SYRACUSE, N.Y. (WSYR-TV) — Welcoming home our heroes. Hundreds of people gathered at Syracuse’s Hancock International Airport to welcome back veterans after spending the day in Washington D.C. visiting the monuments honoring their service.

Friends and family welcomed home our soldiers Saturday night. The 80 veterans on Saturday’s Mission 18 Honor Flight Home served in the U.S. Military including World War II, the Korean War, the Vietnam War and in active duty around the globe. More than 50 of the veterans served in Vietnam, spending the day visiting monuments honoring their service and sacrifice.

The family of Vietnam Veteran, Edward Gerrick made welcome home signs, waiting patiently for his arrival.

“I am waiting for my grandpa,” said Emma Gerrick, granddaughter of Edward Gerrick.

“There was a lot he served with that he knew personally that lost their lives and just for him to go down and see the memorial its going to bring tears to his eyes,” said Andrew Gerrick.

Emily Barlow, granddaughter of William Patterson was there with her friends and family to welcome back Patterson. Patterson served in the Vietnam War.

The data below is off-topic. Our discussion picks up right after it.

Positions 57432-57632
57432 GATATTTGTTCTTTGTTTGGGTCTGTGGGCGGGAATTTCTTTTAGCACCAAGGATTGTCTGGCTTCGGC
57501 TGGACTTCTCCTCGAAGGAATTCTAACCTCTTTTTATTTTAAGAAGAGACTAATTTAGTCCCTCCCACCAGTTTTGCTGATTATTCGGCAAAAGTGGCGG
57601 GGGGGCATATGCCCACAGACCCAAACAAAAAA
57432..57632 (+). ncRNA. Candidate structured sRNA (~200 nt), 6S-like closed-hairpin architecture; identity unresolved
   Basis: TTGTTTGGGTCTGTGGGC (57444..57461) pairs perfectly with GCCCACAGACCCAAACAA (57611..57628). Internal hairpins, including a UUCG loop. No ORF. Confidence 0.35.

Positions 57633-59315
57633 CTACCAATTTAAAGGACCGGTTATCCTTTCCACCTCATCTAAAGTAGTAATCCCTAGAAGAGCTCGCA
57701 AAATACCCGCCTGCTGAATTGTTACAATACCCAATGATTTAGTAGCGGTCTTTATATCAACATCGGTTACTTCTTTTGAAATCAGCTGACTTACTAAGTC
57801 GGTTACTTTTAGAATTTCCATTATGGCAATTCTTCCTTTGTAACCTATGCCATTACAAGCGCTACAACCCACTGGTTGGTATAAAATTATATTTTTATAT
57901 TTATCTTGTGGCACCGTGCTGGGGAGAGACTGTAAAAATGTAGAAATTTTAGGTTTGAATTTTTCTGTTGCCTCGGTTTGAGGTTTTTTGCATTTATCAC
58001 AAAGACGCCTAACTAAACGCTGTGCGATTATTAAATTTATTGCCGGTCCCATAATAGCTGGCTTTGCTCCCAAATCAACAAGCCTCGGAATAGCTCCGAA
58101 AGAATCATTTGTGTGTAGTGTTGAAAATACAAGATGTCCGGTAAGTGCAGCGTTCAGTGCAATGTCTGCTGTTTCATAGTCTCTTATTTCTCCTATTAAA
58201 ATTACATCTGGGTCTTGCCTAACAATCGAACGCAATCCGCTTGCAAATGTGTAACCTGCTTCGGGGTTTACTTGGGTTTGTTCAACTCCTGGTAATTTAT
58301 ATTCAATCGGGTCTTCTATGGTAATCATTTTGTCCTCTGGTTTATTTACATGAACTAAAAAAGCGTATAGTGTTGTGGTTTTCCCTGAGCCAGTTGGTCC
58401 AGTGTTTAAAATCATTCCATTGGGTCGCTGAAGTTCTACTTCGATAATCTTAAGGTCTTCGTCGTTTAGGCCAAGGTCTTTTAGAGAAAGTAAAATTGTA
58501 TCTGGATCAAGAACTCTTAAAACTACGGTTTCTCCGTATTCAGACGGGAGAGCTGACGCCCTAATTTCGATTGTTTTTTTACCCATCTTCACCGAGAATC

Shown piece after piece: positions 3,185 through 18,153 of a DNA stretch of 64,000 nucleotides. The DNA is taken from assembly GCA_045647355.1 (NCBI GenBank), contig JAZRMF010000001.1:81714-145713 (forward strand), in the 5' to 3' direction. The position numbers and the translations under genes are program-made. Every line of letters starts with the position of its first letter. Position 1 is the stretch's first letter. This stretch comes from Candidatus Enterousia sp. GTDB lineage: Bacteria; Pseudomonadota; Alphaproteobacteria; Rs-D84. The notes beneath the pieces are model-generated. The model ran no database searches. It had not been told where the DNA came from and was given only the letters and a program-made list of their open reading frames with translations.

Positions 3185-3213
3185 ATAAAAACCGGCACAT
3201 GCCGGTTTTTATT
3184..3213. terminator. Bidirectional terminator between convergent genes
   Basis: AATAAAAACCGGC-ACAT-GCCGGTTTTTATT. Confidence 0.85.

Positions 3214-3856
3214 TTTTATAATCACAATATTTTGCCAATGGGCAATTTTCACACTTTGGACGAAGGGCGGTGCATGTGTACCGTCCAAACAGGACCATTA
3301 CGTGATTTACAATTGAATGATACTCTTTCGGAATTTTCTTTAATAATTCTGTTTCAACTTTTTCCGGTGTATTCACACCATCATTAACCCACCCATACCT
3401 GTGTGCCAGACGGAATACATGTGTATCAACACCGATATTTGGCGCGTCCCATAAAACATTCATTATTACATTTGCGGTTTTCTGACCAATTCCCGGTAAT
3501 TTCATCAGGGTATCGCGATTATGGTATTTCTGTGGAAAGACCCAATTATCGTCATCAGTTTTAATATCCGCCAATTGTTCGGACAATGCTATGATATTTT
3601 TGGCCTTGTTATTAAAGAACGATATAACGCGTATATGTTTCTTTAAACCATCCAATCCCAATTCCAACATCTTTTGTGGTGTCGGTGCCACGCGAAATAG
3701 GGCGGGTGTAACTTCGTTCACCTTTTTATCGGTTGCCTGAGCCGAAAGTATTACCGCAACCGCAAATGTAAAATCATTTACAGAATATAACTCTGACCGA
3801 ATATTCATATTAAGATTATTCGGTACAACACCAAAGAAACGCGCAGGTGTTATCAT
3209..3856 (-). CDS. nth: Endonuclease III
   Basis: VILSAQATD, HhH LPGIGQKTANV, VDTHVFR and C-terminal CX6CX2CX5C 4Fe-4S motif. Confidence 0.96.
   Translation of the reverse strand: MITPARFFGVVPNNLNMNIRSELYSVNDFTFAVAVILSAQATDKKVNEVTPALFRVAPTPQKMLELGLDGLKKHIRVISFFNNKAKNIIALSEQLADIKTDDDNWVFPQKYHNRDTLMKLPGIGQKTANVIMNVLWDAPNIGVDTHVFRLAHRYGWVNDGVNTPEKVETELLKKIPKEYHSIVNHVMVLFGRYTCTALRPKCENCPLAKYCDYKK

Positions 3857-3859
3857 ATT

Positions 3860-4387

“I am here for my grandfather. His name is William Patterson,” said Patterson.

Judy Bryant, wife of Jim Bryant a Vietnam veteran also made a special welcome home sign for her husband.

“This is my husband he was in Vietnam and he got wounded and he got shot and he still carries the bullet in his knee,” said Bryant.

Bryant was joined by friends and family.

Nearly 50 family members showed up for Fred Anuszewski who was only 21 when he died in Normandy, never making it home. Jennifer Linder, niece of Anuszewski said her mom was only 11 when she found out her brother had passed away. Linder surprising her mom just a day before the honor flight, letting her know Fred was going to be honored.

“I did not tell my mom until yesterday because I did not know how emotional she was going to get,” said Linder.

Not there physically, but in spirit. Fred was still able to be honored with his photo carried on today’s Honor Flight.

Other veterans never getting the welcome home they deserved.

“That was a bad time then, but now he doesn’t realize what’s really going to be going on for him and all the other soldiers that were with him,” said Bryant.

“The reason why I never made the sign is because a lot of the soldiers never got the proper welcome home so hopefully this will close a chapter in their lives,” said Gerrick.

Since its inaugural mission in 2012, Syracuse Honor Flight has taken more than 1,200 veterans from Central and Northern New York and the Mohawk Valley to Washington D.C. to visit their memorials at no cost.